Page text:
How do you live with violence and trauma? How do you cope with the threat of them recurring? These are among the urgent questions posed by Cemile Sahin’s latest novel – a haunting and brilliant tale of people on the edge.
The book is narrated in nine episodes by different characters who all live in the same apartment building in Turkey. All the characters have had violence and torture inflicted on them by the secret police or the army, have often been driven from their homes in acts of terror. Each episode tells of a harrowing past and an indeterminate present as the characters struggle to describe acts of torture and displacement. Characters often appear in multiple episodes as one another’s neighbours, and frequently destabilise the narrative of a previous episode by presenting events from a different angle or providing information to show that a narrator has failed to grasp an aspect of their doomed situation. As a multimedia visual artist, Sahin is interested in the interplay between image and text, and the novel is interspersed with images which form their own commentary.
One of the characters is Nurten, who lives with her husband Hasso and has four sons, of whom one is dead and three are in jail. Hasso was tortured in Iraq during Saddam Hussein’s regime, and they watch his trial on television. Sahin portrays the characters’ psychological pain with spare, telling details – all the doors in Nurten’s apartment have been removed because the opening and closing of them reminded Hasso of being tortured in prison. At the end of the episode Hasso is taken away by police. A subsequent episode is narrated by Metin who was tortured in jail for years and knew one of Nurten’s sons. Metin also knows that her children are all dead, though he can’t bear to tell her. Sahin successfully depicts the tension between the violent past that each character feels compelled to narrate and their state of eternal waiting in the apartment building. A dual suffering emerges from the characters’ tortured and fearful pasts, and an endless, numb present where they are seemingly living in suspended animation, unable to come to terms with their past.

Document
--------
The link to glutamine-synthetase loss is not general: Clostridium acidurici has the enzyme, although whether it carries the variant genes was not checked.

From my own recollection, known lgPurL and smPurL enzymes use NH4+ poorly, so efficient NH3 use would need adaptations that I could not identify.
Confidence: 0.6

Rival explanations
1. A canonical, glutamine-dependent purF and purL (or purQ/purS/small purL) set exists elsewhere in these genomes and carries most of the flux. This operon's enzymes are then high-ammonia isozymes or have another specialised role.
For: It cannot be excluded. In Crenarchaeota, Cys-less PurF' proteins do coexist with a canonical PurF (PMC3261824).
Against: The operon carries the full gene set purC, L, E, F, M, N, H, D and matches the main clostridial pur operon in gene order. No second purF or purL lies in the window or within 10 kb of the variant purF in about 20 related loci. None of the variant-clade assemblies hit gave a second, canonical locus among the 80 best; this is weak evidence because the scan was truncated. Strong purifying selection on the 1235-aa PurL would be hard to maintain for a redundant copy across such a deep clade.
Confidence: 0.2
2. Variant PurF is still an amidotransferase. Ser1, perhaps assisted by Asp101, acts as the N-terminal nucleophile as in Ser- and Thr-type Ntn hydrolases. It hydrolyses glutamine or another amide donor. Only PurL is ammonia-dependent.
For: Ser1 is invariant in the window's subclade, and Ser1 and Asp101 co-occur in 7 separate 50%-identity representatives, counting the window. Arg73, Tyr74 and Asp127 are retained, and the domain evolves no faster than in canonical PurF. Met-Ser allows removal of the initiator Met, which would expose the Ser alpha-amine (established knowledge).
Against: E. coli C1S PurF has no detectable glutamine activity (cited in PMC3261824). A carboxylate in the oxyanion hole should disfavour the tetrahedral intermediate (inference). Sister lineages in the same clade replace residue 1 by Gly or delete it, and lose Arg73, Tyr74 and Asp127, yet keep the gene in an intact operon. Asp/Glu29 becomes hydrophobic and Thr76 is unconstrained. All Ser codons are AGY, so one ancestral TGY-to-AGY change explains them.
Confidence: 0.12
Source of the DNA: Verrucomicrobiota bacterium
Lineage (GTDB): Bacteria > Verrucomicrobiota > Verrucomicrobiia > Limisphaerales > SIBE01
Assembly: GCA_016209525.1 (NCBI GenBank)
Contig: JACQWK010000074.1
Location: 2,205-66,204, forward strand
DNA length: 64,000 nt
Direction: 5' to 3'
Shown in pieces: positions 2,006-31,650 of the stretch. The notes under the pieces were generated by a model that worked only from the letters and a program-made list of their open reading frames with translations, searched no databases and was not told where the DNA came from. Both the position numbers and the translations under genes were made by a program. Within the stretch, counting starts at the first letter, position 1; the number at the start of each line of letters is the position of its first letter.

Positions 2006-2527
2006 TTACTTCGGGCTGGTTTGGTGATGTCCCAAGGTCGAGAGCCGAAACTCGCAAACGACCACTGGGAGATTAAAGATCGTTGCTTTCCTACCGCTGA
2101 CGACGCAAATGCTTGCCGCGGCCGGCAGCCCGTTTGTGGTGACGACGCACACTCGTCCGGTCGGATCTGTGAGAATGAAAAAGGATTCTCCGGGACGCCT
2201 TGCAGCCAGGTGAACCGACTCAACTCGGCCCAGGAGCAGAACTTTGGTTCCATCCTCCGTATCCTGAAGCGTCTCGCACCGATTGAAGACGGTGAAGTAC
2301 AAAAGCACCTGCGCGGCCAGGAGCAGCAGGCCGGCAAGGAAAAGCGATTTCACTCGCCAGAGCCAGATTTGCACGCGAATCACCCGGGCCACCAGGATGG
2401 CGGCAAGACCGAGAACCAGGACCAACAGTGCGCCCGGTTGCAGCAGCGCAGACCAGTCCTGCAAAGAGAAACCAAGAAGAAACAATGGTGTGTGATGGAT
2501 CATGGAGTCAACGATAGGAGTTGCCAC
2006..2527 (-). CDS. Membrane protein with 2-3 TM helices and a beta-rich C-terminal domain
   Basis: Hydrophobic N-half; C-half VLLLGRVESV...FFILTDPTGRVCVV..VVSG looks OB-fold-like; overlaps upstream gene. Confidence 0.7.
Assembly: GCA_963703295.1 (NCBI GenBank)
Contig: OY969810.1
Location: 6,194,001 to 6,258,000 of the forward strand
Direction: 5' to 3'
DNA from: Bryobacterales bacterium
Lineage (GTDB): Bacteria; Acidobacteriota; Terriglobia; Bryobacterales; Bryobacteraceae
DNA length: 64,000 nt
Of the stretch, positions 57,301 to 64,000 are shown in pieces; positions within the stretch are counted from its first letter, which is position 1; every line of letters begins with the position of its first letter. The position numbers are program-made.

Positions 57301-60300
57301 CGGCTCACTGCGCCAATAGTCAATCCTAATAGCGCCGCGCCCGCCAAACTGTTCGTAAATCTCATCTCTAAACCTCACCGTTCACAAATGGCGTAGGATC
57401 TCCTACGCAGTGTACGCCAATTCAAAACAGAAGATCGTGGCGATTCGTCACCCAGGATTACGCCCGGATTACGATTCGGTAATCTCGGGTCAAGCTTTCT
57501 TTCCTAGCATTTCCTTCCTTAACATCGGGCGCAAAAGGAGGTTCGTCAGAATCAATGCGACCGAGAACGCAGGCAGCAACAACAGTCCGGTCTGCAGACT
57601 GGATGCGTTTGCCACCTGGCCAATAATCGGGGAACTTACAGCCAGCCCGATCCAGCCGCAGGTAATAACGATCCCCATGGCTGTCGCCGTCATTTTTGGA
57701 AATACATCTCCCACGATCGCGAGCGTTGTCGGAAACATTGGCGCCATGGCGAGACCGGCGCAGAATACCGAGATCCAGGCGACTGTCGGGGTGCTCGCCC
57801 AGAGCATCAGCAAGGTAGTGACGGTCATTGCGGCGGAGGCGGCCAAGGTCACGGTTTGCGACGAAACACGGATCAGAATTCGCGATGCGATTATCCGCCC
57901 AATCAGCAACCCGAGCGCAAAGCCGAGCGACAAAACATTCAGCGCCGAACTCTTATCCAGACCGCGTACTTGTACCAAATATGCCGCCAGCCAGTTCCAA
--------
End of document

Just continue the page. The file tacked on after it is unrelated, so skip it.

All Dogs Die seeks to embody the challenges of expressing the horror of state-sponsored terror and war in words and stories, while Cemile Sahin’s direct, unadorned style prevents the novel from relishing the violence it depicts. This is an important novel for its unflinching representation of both actual geopolitical situations, and the enduring human suffering wrought by state-sponsored terror that extends far beyond this one place and time.
You can watch Cemile Sahin discussing All Dogs Die with journalist Julia Encke here: https://www.youtube.com/watch?v=FE08toiLVvo&feature=youtu.be
All recommendations from Autumn 2020